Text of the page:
Institute for Divorce Financial Analysts™ (IDFA)

Are you liable for a hyperlink to a defamatory page?

By Patricia Virc

“Publication” of a defamatory statement is an essential element of the tort of defamation. The Supreme Court of Canada has held that a hyperlink on a website does not, by itself, constitute “publication” of the hyperlinked material for the purposes of defamation liability. A hyperlink merely provides a path from one location to another on the Internet. It communicates that something exists but does not communicate its content. The court equated it to a footnote that references a source without adopting or endorsing it. One who creates a hyperlink but utters no defamatory words of his own is not responsible for content displayed on another website when a user links through.

On the other hand, a hyperlinker who presents content from the hyperlinked source in a way that endorses, approves of or repeats the defamatory content will be considered to have “published” the content. For example, if the linker adds text that communicates agreement with or approval of the linked material (as opposed to a mere general reference to a website) then the hyperlinker has published the statement and can be held liable for the defamatory content.

Inserting a hyperlink gives the hyperlinker no control over the content to which he or she has linked. This lack of control over changing content available at the linked webpage is an important factor, as is lack of knowledge that the linked material has become defamatory. One who links approvingly to an innocent website that later changes and becomes defamatory is not liable but may become liable if after becoming aware of the defamatory content the linker refuses to remove, obliterate or unlink it.  In these circumstances it may be appropriate to draw an inference of approval or adoption and the hyperlinker may become responsible for it.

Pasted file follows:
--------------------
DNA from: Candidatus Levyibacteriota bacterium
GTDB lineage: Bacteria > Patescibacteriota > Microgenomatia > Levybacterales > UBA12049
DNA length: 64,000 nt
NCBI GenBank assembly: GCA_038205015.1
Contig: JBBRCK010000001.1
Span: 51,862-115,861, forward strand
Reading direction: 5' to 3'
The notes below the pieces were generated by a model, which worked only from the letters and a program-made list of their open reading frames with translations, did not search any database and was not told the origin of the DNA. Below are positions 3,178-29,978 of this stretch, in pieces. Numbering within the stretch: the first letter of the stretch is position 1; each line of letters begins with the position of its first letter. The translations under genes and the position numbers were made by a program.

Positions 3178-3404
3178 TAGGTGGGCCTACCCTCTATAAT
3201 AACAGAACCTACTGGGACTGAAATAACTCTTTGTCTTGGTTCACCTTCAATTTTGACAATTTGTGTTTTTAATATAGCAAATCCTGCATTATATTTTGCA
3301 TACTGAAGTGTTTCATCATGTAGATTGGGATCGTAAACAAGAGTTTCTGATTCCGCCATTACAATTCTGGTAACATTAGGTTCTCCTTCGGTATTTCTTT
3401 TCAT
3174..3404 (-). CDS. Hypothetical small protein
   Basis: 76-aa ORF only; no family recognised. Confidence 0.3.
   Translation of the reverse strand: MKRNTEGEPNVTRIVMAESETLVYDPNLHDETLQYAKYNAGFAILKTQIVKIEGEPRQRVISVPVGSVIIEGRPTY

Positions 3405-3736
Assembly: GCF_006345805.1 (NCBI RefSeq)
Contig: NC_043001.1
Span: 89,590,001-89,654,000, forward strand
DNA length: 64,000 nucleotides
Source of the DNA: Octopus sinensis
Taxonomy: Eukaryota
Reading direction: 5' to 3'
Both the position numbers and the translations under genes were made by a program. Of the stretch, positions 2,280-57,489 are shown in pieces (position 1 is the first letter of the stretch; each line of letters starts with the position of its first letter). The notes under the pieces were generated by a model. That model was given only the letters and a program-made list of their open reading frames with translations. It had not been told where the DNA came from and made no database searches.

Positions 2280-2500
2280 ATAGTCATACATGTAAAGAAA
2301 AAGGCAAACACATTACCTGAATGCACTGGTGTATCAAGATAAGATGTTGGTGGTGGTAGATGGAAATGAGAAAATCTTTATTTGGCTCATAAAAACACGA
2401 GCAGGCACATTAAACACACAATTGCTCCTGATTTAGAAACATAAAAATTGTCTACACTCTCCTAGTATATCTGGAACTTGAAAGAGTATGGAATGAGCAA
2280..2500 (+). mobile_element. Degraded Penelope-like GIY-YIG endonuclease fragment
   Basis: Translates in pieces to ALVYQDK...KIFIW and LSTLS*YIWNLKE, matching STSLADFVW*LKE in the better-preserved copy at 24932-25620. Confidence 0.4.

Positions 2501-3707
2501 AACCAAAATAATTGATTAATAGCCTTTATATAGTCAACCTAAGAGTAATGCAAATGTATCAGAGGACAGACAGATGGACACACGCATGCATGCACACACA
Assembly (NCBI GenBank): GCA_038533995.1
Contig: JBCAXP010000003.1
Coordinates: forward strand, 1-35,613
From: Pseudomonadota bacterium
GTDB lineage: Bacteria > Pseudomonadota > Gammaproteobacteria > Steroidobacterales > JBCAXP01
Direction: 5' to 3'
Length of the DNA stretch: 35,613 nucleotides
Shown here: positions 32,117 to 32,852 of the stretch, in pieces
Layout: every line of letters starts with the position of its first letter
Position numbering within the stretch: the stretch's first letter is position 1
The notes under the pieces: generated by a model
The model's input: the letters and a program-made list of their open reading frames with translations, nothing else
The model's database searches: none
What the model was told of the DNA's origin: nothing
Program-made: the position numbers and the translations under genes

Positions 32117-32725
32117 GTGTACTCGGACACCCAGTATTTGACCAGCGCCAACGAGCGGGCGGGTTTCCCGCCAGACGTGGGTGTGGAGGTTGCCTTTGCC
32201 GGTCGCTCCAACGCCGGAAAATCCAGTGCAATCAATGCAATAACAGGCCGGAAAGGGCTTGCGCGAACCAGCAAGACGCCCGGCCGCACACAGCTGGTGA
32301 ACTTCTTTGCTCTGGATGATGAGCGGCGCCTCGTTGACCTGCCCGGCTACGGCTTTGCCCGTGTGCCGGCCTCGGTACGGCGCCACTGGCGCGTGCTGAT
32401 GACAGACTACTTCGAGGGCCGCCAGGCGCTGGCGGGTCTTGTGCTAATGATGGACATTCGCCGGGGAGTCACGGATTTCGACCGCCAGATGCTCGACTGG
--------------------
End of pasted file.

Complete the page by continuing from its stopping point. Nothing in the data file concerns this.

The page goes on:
Receipt of the communication by a third party is also essential for there to be a “publication.” In the pre-Internet age, it was essentially presumed that once published a defamatory statement was read. No more. There is now a burden on the plaintiff to show, not only that the defamatory statements were posted online, but also that someone clicked through and read the material.

If the posting of the hyperlink to the Internet could be considered a “publication” for the purpose of defamation liability it is important for the plaintiff to act quickly as there are very short limitation periods in some cases. Failure to serve written notice of the intention to make a claim within six weeks after the alleged libel has come to the plaintiff’s knowledge may prevent the plaintiff from pursuing a claim.



 

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